|Estados americanos com défices fiscais perigosos e ameaças pendentes de suspensão de pagamentos|
Os PIIGS não passam de uma manobra de distração
Portugal, tal como os outros países visados pelo odioso acrónimo, chegaram à pré-bancarrota em grande medida por causa da fantasia de um crescimento virtual assente em dívidas públicas, empresariais e familiares exponenciais, políticas públicas neoneoneokeynesianas, e consumo conspícuo. Mas as grandes bolhas estão noutros lugares: Japão, Estados Unidos, Inglaterra. Não se vêm com a mesma acuidade porque os respetivos governos e bancos centrais mentem permanentemente sobre o que se passa. Olhando, porém, para a pobreza e instabilidade social crescentes nesses país compreendemos perfeitamente que o buraco negro criado —nomeadamente o Grande Buraco Negro dos Derivados Especulativos (OTC Derivatives)— poderá, a qualquer momento, empurrar o planeta para um colapso financeiro e económico bem pior do que o de 2008.
Quase metade dos estados dos EUA está oficialmente falida. E no entanto as agências de notação de crédito mantêm o país em AA+ (excellent) !!!
Via AP/ Zero Hedge:
An Associated Press analysis of statehouse finances around the country shows that at least 22 states project shortfalls for the coming fiscal year. The deficits recall recession-era anxiety about plunging tax revenue and deep cuts to education, social services and other government-funded programs.
The sheer number of states facing budget gaps prompted Standard & Poor’s Ratings Service to call the trend a sort of “early warning.”
“After all, if a state is grappling with a budget deficit now, with the economic expansion approaching its sixth anniversary, what will be its condition when the next slowdown strikes?” credit analyst Gabriel Petek wrote in a recent report.
The forces at work today are somewhat different than when the recession took hold in 2008. In some states, revenue growth has been stagnant, missing projections and making it difficult to keep pace with expanding populations and rising costs for health care and education. Other states have been hurt by a steep decline in oil prices or seen their efforts to promote growth through tax cuts fail to work as anticipated...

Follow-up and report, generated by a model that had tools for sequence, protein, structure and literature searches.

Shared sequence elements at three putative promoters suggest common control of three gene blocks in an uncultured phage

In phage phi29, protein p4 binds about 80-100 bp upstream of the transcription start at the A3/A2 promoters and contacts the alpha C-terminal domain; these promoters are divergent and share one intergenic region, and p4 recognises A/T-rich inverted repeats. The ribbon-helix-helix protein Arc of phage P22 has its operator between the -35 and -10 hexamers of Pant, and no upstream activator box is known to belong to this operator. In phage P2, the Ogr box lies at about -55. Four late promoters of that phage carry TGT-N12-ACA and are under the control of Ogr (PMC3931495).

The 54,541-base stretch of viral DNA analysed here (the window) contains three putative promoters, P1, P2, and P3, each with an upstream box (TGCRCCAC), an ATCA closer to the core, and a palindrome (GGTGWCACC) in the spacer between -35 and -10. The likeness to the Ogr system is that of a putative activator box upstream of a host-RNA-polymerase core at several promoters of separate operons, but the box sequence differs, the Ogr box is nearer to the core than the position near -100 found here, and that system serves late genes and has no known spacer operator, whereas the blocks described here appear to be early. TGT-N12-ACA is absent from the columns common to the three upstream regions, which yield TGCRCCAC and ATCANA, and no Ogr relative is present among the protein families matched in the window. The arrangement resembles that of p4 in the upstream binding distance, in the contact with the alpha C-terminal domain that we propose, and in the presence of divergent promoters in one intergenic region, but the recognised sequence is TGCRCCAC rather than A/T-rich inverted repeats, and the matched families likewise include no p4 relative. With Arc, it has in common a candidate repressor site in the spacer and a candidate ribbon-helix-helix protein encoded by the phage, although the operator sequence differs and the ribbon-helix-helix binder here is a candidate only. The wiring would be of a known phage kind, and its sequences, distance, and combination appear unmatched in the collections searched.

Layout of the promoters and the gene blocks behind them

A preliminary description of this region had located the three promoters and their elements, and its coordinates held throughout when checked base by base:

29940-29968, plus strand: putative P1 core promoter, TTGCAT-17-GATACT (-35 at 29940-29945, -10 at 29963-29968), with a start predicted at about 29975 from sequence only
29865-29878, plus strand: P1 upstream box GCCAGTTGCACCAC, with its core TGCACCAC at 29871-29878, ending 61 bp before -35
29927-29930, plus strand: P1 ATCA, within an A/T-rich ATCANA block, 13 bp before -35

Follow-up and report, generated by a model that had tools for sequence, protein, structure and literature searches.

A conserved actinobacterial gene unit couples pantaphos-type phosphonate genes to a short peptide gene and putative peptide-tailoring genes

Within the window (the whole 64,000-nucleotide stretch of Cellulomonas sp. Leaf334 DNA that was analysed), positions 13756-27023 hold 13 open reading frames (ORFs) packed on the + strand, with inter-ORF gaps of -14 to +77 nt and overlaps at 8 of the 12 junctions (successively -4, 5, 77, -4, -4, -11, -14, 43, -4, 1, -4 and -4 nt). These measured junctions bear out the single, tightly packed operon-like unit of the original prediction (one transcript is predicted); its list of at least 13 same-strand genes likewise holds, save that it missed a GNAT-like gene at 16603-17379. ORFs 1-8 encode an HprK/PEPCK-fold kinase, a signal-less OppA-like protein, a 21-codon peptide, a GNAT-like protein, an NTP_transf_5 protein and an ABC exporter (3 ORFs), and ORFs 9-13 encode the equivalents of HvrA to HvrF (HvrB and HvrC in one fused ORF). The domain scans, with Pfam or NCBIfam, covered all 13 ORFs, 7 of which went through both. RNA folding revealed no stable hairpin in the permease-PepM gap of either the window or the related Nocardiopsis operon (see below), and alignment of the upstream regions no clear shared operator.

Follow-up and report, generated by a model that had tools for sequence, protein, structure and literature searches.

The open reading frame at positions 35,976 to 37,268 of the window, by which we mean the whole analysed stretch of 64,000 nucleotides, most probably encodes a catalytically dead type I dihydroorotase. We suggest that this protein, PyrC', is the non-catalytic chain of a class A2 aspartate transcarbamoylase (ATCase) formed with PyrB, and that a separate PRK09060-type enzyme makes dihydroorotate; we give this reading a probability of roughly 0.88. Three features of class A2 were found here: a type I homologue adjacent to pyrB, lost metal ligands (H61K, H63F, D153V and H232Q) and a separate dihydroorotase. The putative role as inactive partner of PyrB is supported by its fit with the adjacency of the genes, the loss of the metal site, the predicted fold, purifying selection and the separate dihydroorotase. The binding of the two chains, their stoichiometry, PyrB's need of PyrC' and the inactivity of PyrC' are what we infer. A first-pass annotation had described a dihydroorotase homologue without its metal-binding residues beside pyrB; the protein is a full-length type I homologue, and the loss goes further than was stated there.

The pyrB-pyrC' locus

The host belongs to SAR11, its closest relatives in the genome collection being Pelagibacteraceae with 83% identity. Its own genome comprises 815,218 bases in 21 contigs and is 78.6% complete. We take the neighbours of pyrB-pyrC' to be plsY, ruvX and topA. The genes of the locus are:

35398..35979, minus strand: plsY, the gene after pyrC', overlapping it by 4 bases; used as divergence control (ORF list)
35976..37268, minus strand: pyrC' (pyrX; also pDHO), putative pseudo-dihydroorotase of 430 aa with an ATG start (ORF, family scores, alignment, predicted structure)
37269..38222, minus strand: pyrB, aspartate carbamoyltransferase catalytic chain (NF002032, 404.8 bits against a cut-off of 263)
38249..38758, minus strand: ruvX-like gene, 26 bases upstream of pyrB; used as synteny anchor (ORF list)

A majority of states have failed to climb back to their pre-recession status, in terms of tax revenue, financial reserves and employment rates, said Barb Rosewicz, who tracks the fiscal health of states for The Pew Charitable Trusts.
Alabama, for example, faces a $290 million shortfall after a voter-approved bailout expires at the end of the current fiscal year. If nothing is done, the courts will not have the staff to send jury notices, monitor juvenile delinquents, process protection orders and collect and distribute child support payments, he said.
“This is an insane proposition,” Hobson said. “The public would suffer.”
Nationally, total tax revenue coming to the states has been rising, but the pace has been slow as employment continues to lag pre-recession levels in more than half the states, according to the Pew Charitable Trusts. Pew also found that 30 states are collecting less revenue than at their peak.
The Census Bureau recently reported that total state government tax collections in fiscal year 2014, which in most states ended last June, increased 2.2 percent over the previous fiscal year. That represented the fourth consecutive overall increase, but 17 states reported declines in tax revenue from the previous fiscal year, according to the report. Alaska saw the biggest drop, of $1.7 billion.
In Illinois, lawmakers are trying to figure out how to close a $6 billion projected shortfall for the next fiscal year, due largely to the expiration of a temporary tax increase [and] in Kansas, the Republican governor and GOP-dominated Legislature now confront budget deficits after aggressive tax cutting that prompted them to reduce school funding this spring.
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